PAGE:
A few nights (and a fair few drinks) ago a few of us from the office pondered the inevitable hypothetical question: If you could only listen to one genre of music, what would it be?
I say hypothetical because any self-respecting lover of music has more than one field of interest. Those who like hip-hop are probably partial to a bit of R&B (not racist at all), whilst I am convinced that there are people out there who own both James Blunt and Kings of Leon albums (housewives from middle England is my guess).
The responses around the table were interesting, some specific (Alternate Rock) others wide-ranging (World Music) and one from a bloke who was obviously taking the piss (Jungle). I chose Soul, a selection that did not surprise anyone at all. My love of soul music knows no bounds (There isn’t a mountain high enough you could say) but I wondered about the flipside to the discussion: What if there was no such thing as soul music? What would I choose instead?
That was dill of a pickle
A few nights (and a fair few drinks) later, the answer hit me: alt. country.
I realize that in hindsight selecting it as my backup was a bold move as I know almost nothing about alt. country. What was it? Does such a thing still exist (if in fact it ever did) and if so, what is out there to listen to?
Why didn’t I just say College Rock? That way I could prattle on about the genius of the first Gin Blossoms album.
So before I ventured into the deep unknown I decided it was best to take stock of what I already owned in this mysterious genre. That wasn’t a great deal either.
Are you sure you don’t want to hear about my correlation between New Miserable Experience and my teenage years? Perhaps another time then
Due to my age and location in the world, the term alt. country first hit me in the summer when Heartbreaker by Ryan Adams was released. I promptly ignored that album for a variety of reasons, a few of which were:
Anyone who has a name like that is asking for trouble
any album that starts with an in-studio argument about a Morrissey song receives an automatic disqualification.
Soon after, the final release by Ryan’s former band Whiskey town finally saw the light of day. So on a miserable Sunday afternoon, as I flew solo in the record store, I threw on Pneumonia. My sole motivation was that James IA was a guest on the record and anything tenuously linked to the Pumpkins couldn’t be all bad.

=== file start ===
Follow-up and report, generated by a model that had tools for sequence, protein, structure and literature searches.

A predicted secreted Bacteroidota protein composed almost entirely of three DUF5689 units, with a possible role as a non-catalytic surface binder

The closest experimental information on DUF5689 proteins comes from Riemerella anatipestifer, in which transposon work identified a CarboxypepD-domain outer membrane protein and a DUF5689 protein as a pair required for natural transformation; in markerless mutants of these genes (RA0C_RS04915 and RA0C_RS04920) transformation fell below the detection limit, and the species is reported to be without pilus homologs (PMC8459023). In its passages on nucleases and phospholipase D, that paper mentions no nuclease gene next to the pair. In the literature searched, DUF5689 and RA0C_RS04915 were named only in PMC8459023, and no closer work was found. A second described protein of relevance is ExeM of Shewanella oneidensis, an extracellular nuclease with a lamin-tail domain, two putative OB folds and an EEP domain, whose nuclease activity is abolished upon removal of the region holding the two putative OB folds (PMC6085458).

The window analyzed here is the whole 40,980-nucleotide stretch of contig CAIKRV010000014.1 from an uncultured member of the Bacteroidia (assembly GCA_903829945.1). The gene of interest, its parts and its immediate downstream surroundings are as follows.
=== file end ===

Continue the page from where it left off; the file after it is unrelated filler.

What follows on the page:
By halfway through ‘Don’t Want to Know Why‘ I was hooked
It was country music that I could finally understand. Sure it had its pop moments (the IA co-write ‘Don’t Be Sad’ is simply angelic) but overall it was country for those that couldn’t care less about Shania Twain and her bastard of the genre. To boot, the press I had read about Adams alluded to the fact he wasn’t exactly a poster boy in Nashville. That made it even better.
I humbly went back to Heartbreaker, fell in love with ‘Come Pick Me Up’ and have consumed everything he has released since (rightly or wrongly) including his weekly singles from his new digital record label PAX AM.
These days, Ryan’s music barely resembles alt. country. The same could be said for Whiskey town. They only released 3 albums but with each one, they sounded less and less likes a country band. Compare ‘Too Drunk to Dream’ from their debut Faithless Street to something like Herman’s Hermits pastiche of ‘Mirror’ off Pneumoniaand you begin to wonder if it is the same band. Considering the majority of Whiskey town’s original members had quit or were fired has a lot to do with it but perhaps it is an inherent trait with a lot of alt. country acts?
Over the course of their tenure, Minnesota band The Jayhawks drifted away from their alt. country roots ( Hollywood Town Hall is a must) to a more pop feel before returning to their classic sound on Rainy Day Music. Witco, on the other hand, was a band that came from alt. The country legends Uncle Tupelo and from an early stage frontman, Jeff Tweedy began to distance his new band from the genre.
So it seems that on the surface of things I hitched my cart to the wrong horse. Any band who had any say in the history of alt. country didn’t stick around for very long. Heck even the Godfather of the genre, Gram Parsons, only put out two solo albums (the 2nd posthumously) before overdosing.
A few words on Gram Parsons, those two albums are pretty indispensable. Without them then Ryan would’ve stuck to punk music, a swathe of bands would never have been and more importantly, the wonderfully talented Emmylou Harris may not have made it to the big time. Her vocal contributions to those records should not be underestimated and her standing set the scene for her first ‘proper’ album Pieces of the Sky a year later.
But what the genre lacks in terms of output is more than made up for in quality artists. Those listed above are a mere starting point and as such there are many fine musicians not mentioned including Drive-By Truckers, Patty Griffin, Gillian Welch and Australia’s own The Gin Club to name a few.
However, at this moment in time, I can only take alt. country in small doses. There are more songs about hurt than there are about love. And whilst heartbreak is also a recurring theme for soul music, there is hope running through a lot of it. Alt. the country doesn’t have one of these and without such will always remain in second place.